Interview by Laura Ng
Meet our newest featured member, Celia Maurice! Before breaking out to Bay Area theatre audiences, this witty Brit’s acting and music career was already blooming across the pond. Her Bay Area stage journey has leapt and bounded since her early appearances at TBA’s General Auditions—most recently, she received a TBA Award for Outstanding Performance by a Female Actor in a Principal Role in a Play, recognizing her stellar turn in a play by fellow English national Harold Pinter.
|TBA featured member (and TBA Award recipient!) Celia Maurice. Photo: Ben Krantz
You’ve had a wealth of work onstage, not only in the theatre, but also a career as a violist (among mastery of other instruments and languages) and volunteer-administering the Braille Transcription Project. How have these experiences/endeavors influenced your path?
Each time I have had a job outside of the theatre, it is a reminder that I’d rather be on stage. That having an exhausting, annoying, fed-up day in the theatre world is many thousands of times better than having a mediocre day stuck behind a desk listening to people prattle on about, well, whatever Excel spreadsheet or flavored latte is of desperate importance that day.
Working with Braille, I initially had hoped to have a job that would make a difference in people’s lives. My father was a corneal researcher, so this made sense. I have never taken a job in order to discover how people think, react or behave in order to inform my acting. Afterwards, though, I can use snippets. However, working with the Braille project only made me realize that I have an easy life. Can’t think it informed me much otherwise. I know it would educate or elucidate if I said that now I have a basic understanding of what it is to navigate the world, sightless, but I don’t.
As for the viola and piano—music is the one thing I really deeply know. And the practice, daily, of scales and the repetition of phrases within a piece has, indeed, been of massive use when translated into theatrical terms. Actors don’t really have the same sort of daily work unless we are actively preparing for a part (at least that’s my m.o.). On my first day at the Neighborhood Playhouse, Sandy Meisner’s question to our class was whether any of us played an instrument. When I bravely (since I was innocent enough not to be terrified of him at that point) put up my hand, he asked me what I had to do to get to (the proverbial) Carnegie Hall, I gave the answer—practice. Every day. If one can’t manage to play a scale in every key/mode, train your fingers and the bow hand, every day, you’ll have no foundation at all on which to grow. He agreed and then proceeded to tear every notion of “acting” out of our angst-ridden, ego-laden heads.
Still hot off the 2015 TBA Awards, we have to congratulate you on your award for Outstanding Performance in a Principal Role in a Play! It’s fascinating that you were previously nominated for this same role portraying Meg in Pinter’s The Birthday Party just last year. Did that come up when you joined the new cast/production? What was it like to reprise the role so soon?
Thank you! So, last year was funny that way—I did Breaking the Code with Theatre Rhino twice, interspersed by two different productions of Birthday Party. When I joined Off-Broadway West’s production, I was asked some questions about staging and acting styles. But it felt as though we all started from scratch, which made our Finalist nomination for Ensemble feel so happily deserved. The only real benefit was that the lines came back in a snap, so I could really just concentrate on discovering Meg in a deeper, rougher way. Anyway, I love Pinter, and coming from the same area of North London, the words just fit.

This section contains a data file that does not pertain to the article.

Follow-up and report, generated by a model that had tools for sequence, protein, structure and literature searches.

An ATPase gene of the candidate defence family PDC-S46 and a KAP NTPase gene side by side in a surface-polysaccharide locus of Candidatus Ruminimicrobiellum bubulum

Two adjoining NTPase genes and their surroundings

You started performing in London, or as you put it, north of “Ye Olde Thames.” Tell us more about coming to the Bay Area, why you chose to be here and growing into the TBA community.
Did I really say “Ye Olde Thames”? How embarrassing. Remove it immediately! Otherwise, next thing you know I’ll be belting out “Consider Yourself” and wearing ragged trousers with a Union Jack embroidered on my bum.
Ah, well, moving here. That’s far too long a story. I didn’t choose to come here. We moved from London when I was a teen. Of course, now I feel as though I have been embraced, and am really a part of the community.
What is your favorite part of being a Theatre Bay Area member?
Having a family that speak the same language, can play together and cheer for each other.
Having lived so many lives, what are your dreams for the future? Is there anything else you’d like to tell our TBA readership, as an actor or otherwise?
There is plenty more theatre I want to do. Restoration and Jacobean isn’t done much, and I’ve barely done any Shakespeare and would love to do so. I’m now interested in new pieces as well (thanks to Jeffrey Lo)—updated classics, etc. I can’t really do anything else, so I’m happily stuck with you lot. There are a couple of actors and directors I’d love to work with, and if I had any sense of how to market myself, I’d list them here, in bold. Next up, I’ll be reunited with director Susan Evans as Mrs. Warren at the Douglas Morrisson Theatre.
What to say—I’ve been very lucky to have had near-constant work in the last four years. One's time does come. As I stumble into my dotage, I hope to meet many more of you out there in the trenches and continue the lively exchange of humanity in all its forms. And if there’s a lot of giggling, count me in fer sure*.
*“Fer sure” was in an American accent just so y’all know I can do one.
Theatre Bay Area members: Creative. Committed. Community.